The Telecom Regulatory Authority of India (Trai) seems to have dialled trouble, once again, for itself. Around three months after it gave a clean chit to Reliance Jio’s promotional tariff as being non-discriminatory and non-predatory, it wants to define these terms. Further, within a fortnight of reiterating that Jio has not violated the promotional offer regulation by extending the free service offer beyond December 2016, it has acknowledged in a consultation paper floated on Friday that it has so far never defined what promotional and predatory means and would now want to do so and has, therefore, sought stakeholders’ responses by March 17.
The situation is quite similar to what happened to its call drop regulation where it had prescribed in October 2015 that operators need to reimburse consumers R1 for every call drop with a maximum of three call drops a day. In doing so it had blamed the operators for call drops, but a month later came out with a study paper that apportioned blame for call drops on a host of other factors — lack of spectrum available with the operators in proportion to their subscriber base; change in their frequency band as a result of the government’s re-farming policy, etc. The regulation was struck down by the Supreme Court in May 2016 as it found it “arbitrary, unreasonable and non-transparent,” — it was meant to ensure quality of service to consumers but it did not lay down any quality of service, the court said.
Currently too, operators like Bharti Airtel and Idea Cellular have dragged Trai to the Telecom Disputes Settlement Appellate Tribunal alleging that it erred while giving a clean chit to Jio on its promotional tariffs. The next hearing on the matter is on February 20.
Analysts feel that by bringing out a consultation paper at this state to define tariffs in the context of promotional, predatory etc, the regulator seems to have weakened its case. “If Trai itself has acknowledged that it has never defined the term ‘promotional’ or ‘predatory’, how did it give a clean chit to Jio on these counts, is a thing which would surely be highlighted by the petitioners,” said a telecom observer.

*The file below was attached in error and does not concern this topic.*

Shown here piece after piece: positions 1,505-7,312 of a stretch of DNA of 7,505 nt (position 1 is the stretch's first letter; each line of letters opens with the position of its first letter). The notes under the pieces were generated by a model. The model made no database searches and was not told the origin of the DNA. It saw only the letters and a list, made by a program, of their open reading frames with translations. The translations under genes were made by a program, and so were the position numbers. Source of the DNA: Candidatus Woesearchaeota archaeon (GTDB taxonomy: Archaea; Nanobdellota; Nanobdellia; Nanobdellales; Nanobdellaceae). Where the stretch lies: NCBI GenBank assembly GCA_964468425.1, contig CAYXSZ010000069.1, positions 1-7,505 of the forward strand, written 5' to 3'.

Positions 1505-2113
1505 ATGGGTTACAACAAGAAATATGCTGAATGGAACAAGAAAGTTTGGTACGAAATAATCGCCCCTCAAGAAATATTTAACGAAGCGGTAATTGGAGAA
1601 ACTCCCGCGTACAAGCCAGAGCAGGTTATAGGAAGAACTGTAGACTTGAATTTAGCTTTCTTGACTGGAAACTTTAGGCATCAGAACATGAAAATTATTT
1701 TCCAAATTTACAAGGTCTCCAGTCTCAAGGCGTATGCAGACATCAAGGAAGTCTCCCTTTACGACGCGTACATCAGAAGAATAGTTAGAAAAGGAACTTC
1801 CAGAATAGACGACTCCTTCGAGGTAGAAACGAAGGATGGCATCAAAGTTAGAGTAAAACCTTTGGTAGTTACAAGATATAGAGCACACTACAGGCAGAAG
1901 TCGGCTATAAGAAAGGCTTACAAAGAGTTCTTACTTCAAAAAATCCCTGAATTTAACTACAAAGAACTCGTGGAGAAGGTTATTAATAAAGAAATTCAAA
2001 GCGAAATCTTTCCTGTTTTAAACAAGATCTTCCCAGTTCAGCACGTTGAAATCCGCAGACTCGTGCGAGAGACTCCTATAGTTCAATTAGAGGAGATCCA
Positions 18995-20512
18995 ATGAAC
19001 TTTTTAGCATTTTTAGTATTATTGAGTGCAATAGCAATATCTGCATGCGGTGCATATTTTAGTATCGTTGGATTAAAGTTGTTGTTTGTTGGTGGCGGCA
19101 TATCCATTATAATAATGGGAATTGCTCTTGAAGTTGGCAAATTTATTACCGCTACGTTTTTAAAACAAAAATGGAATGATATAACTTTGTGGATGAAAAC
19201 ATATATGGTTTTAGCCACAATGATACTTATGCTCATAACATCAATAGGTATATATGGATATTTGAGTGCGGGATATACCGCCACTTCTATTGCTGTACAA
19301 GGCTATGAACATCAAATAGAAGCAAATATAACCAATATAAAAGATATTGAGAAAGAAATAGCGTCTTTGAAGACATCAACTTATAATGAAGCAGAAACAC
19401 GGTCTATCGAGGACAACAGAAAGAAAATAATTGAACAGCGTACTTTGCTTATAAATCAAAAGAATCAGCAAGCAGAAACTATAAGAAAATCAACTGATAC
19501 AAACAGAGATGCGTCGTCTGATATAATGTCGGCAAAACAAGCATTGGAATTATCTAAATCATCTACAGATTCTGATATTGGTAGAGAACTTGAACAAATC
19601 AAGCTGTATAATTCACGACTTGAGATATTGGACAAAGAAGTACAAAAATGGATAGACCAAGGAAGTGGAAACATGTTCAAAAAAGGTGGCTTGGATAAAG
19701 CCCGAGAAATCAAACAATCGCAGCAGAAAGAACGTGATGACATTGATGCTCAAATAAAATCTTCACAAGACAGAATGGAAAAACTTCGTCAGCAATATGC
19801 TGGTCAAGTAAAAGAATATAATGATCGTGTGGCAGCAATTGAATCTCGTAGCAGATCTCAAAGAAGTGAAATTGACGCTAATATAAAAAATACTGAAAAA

This is what Trai has said about promotional offer in its consultation paper: “The concept of ‘promotional offer’ was first addressed by Trai on 19th June 2002 through an advisory issued to all telecom service providers wherein Trai advised service providers to restrict the validity of promotional packages and/or the benefits offered to customers under such packages on offer to a maximum of 90 days from the date of launch… The letter, however, did not spell out the meaning of the term ‘promotional package’… The Authority subsequently referred to this issue in its Consultation paper on limiting the number of tariff plans offered by the access providers (March 8, 2004) but did not clarify the meaning of the term promotional offers.”
It has then asked the stakeholders: “Which tariff offers should qualify as promotional offers? What should be the features of a promotional offer? Is there a need to restrict the number of promotional offers that can be launched by a TSP, in a calendar year one after another and/or concurrently?”
Similarly, this is what Trai has said with regard to predatory pricing: “The anti-competitive behaviour in the context of tariff setting can be through predatory pricing by the dominant market player… While the term ‘non-predation’ has not been specifically defined in the TTO (Telecom Tariff Order), it finds reference in many documents issued by Trai from time to time, which indicates its usage in the context of its generally understood meaning of abuse of dominant position by an enterprise through predatory pricing.”
After going at length on the general definition of the terms, its scope and practises, it has sought stakeholders’ response to the following question: “What methods/processes should be applied by the Regulator to assess predatory pricing by a service provider in the relevant market?”
Analysts FE spoke to said that it is strange that the Trai is acknowledging in its consultation paper that it does not have a clear definition of either promotional offer or predatory pricing, but when incumbents complained that Jio’s tariffs were against the norms of promotional and were predatory, it gave a clean chit as late as January 31, stating: “Your allegations that the Happy New Year offer (Jio’s extended promotional offer) is violative of the principles of non-discrimination, IUC compliance and non-predation have been examined with reference to extant TTO provisions/IUC regulations on the subject and no violation has been found.”